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TL;DRussia Weekend Roundup
17 September 2022: Political science, plus texts and tunes
If this weekend’s TL;DRussia roundup seems a little thin, blame political science.
This weekend finds me in Montréal, attending the annual conference of the American Political Science Association and wondering what in the world they were thinking.
In their wisdom, the powers that be at APSA decided to dedicate a ‘Breaking News’ panels to a discussion of Russia’s invasion of Ukraine. (When you only get together once a year, 7-year-old news is still ‘breaking’, I suppose.) On the dais were some of the most knowledgeable people on the subject: Dominique Arel from the University of Ottawa, Olena Nikolayenko from Fordham, Oxana Shevel from Tufts, and Kathryn Stoner from Stanford — and John Mearsheimer.
Yes, that John Mearsheimer: the man whose argument on the origins of this war has remained remarkably impervious to reality. The best thing I can say about the discussion is that it gave Duke’s Daniel Drezner the opportunity to post this thread:
What I’m thinking about
Let me back up a second: as a discipline, political science longs more than perhaps any other branch of social science to be right there in the moment. Anthropologists and sociologists look for longue-durée stories about the human condition. Economists seek timeless truths. But political scientists was desperately to be relevant to the questions that are motivating voters and politicians not simply on any given day, but on every given day.
As an actual science, however, we’re not very good at that. To get analytical leverage, we have to break down the big questions of the day into small parts, and then break down those small parts into even smaller parts. As a result, the answers we come up with are often very limited in scope. To make matters worse, by the time we’re able to collect, process and analyze our data — much less write them up and publish them — the world has usually long since moved on to more pressing questions.
That problem seems especially acute at APSA this year, at least for those of us who study Russia and Ukraine. Lots of people here — with the notable exception of Mearsheimer (see above) — have interesting and insightful things to say about the war, and about Russian and Ukrainian politics and foreign policy. Almost no one, however, has much actual research conducted in the seven months since the war began. So slow is the academic process that we’re still discussing the impact of Covid-19 on Ukrainian politics. It’s all fascinating stuff — but is it relevant?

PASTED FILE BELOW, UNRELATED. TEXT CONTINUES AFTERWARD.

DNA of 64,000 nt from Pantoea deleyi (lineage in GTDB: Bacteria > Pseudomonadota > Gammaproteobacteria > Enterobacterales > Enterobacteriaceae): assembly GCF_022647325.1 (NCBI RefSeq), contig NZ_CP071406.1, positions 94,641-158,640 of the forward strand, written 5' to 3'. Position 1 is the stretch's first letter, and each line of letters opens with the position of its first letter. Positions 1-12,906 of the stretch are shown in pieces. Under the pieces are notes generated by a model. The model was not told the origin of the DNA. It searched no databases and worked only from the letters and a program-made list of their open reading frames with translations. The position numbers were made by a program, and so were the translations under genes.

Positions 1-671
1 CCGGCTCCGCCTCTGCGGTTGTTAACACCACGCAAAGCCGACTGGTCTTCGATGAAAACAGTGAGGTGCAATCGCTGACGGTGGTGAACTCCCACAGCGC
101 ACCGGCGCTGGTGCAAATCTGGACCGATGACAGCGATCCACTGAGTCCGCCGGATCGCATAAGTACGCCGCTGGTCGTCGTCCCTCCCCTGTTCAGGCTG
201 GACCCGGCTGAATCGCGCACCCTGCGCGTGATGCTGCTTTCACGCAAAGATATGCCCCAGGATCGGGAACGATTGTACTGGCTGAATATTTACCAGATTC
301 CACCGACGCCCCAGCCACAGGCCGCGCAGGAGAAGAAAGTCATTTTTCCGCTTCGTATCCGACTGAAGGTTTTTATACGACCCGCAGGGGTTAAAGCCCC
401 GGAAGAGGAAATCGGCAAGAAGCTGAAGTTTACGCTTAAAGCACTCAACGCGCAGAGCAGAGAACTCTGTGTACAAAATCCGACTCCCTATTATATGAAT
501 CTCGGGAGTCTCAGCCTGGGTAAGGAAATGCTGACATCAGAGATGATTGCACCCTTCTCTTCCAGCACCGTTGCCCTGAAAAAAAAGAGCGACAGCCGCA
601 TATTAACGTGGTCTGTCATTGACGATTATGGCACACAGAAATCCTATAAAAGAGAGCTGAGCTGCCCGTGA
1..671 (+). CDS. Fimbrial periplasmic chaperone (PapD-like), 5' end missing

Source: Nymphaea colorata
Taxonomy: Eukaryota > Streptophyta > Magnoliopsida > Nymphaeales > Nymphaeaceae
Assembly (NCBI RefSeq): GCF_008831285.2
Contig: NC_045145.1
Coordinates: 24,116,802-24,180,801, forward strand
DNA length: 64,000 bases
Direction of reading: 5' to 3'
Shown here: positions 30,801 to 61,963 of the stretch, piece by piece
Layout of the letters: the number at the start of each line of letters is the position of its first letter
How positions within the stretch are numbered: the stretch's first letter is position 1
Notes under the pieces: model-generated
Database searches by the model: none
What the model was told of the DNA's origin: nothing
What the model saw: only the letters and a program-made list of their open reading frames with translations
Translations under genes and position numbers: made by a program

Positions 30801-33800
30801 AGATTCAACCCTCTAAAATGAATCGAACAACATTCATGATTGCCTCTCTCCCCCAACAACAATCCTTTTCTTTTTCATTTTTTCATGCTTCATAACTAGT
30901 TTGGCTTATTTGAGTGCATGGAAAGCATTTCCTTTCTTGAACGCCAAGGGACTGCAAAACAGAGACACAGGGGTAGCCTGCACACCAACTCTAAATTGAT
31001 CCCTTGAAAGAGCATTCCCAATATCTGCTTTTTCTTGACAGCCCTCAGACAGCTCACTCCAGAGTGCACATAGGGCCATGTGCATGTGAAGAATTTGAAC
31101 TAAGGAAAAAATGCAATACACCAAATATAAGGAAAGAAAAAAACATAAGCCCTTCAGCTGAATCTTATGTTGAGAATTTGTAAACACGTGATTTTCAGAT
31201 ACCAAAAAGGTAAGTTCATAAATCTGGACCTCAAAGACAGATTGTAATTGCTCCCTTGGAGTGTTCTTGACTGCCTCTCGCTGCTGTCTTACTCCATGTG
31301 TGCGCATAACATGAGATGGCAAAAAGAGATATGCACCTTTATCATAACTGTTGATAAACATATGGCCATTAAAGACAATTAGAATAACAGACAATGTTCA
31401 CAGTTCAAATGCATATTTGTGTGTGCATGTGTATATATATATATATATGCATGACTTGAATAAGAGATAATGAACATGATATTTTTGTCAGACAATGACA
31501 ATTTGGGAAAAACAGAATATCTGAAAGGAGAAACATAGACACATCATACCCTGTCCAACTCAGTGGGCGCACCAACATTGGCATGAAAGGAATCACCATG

That’s the question that bedevils the two papers at APSA this year with my name on them. For one of them, I think the answer is yes. Drawing on surveys conducted in Russia in 2019 and Belarus in 2020, I show that the decisions people make about media consumption — what media outlets to turn to for news, and how intensively to consume that news — are predominantly shaped by people’s need to socialize, rather than by their need for actionable information. This is important, I argue, because it helps us understand why people stick with problematic news sources: to abandon them means more than just switching from one newspaper to another — it means putting yourself at odds with your social circle and risking ostracism.
The reason I think it’s still relevant — despite all of the changes Russian politics have undergone since the survey was conducted — stems from the comparison with Belarus. At the time that the Belarusian survey was conducted, the country was in the midst of a revolutionary uprising against President Alexander Lukashenka, which was being met with overwhelming police force. In Russia, by contrast, things were mostly quiet, and dissent was still mostly met with persuasion, rather than truncheons. Despite those differences, the social determinants of media consumption were virtually indistinguishable. If that’s the case, then I expect I’d find the same thing were I able to run another survey in Russia now.
I’m not so certain, though, about the other paper — a group effort with Graeme Robertson at UNC Chapel Hill, Grigo Pop-Eleches at Princeton, and Bryn Rosenfeld at Cornell (and to which my own contribution was admittedly relatively minor). In that paper, we draw on experiments in a 2021 survey in Russia to show that the increasing repression the Kremlin was by then bringing to bear on protests and opposition groups was creating anger and outrage, more than fear — and thus potentially increasing the likelihood of a backlash.
While I have no doubt about the validity of the data and the quality of the analysis — after all, it was done by people much savvier than I am — the question remains of whether it is still true today. Anecdotally, when I talk to people in Russia, or who have left Russia for political reasons, fear is a remarkably big part of the conversation. The fear of police violence, or of spending years if not decades in prison does appear at least to be a powerful demobilizing factor in the context of the war and the economic deprivation that it is beginning to cause for Russia.
Here’s hoping we can figure out the answer to that question before next year.
What I’m reading
Other than a mountain of academic papers? Lenka Bustikova and Petra Guasti educated me this week in a piece for CEPA on what is going on in Czech politics, as the street — the same street that helped bring Prime Minister Petr Fiala to power just a year or so ago — threatens to pull the pull his government down.
Outside of the research papers, though, probably the best thing I read this week was this lengthy thread on Russian responses to their recent military losses, by the Russian sociologist Greg Yudin:
What I’m listening to
I’m in Montréal, so of course it has to be Allison Russell, whose stupefying 2021 album Outside Child I’ve had on repeat for months.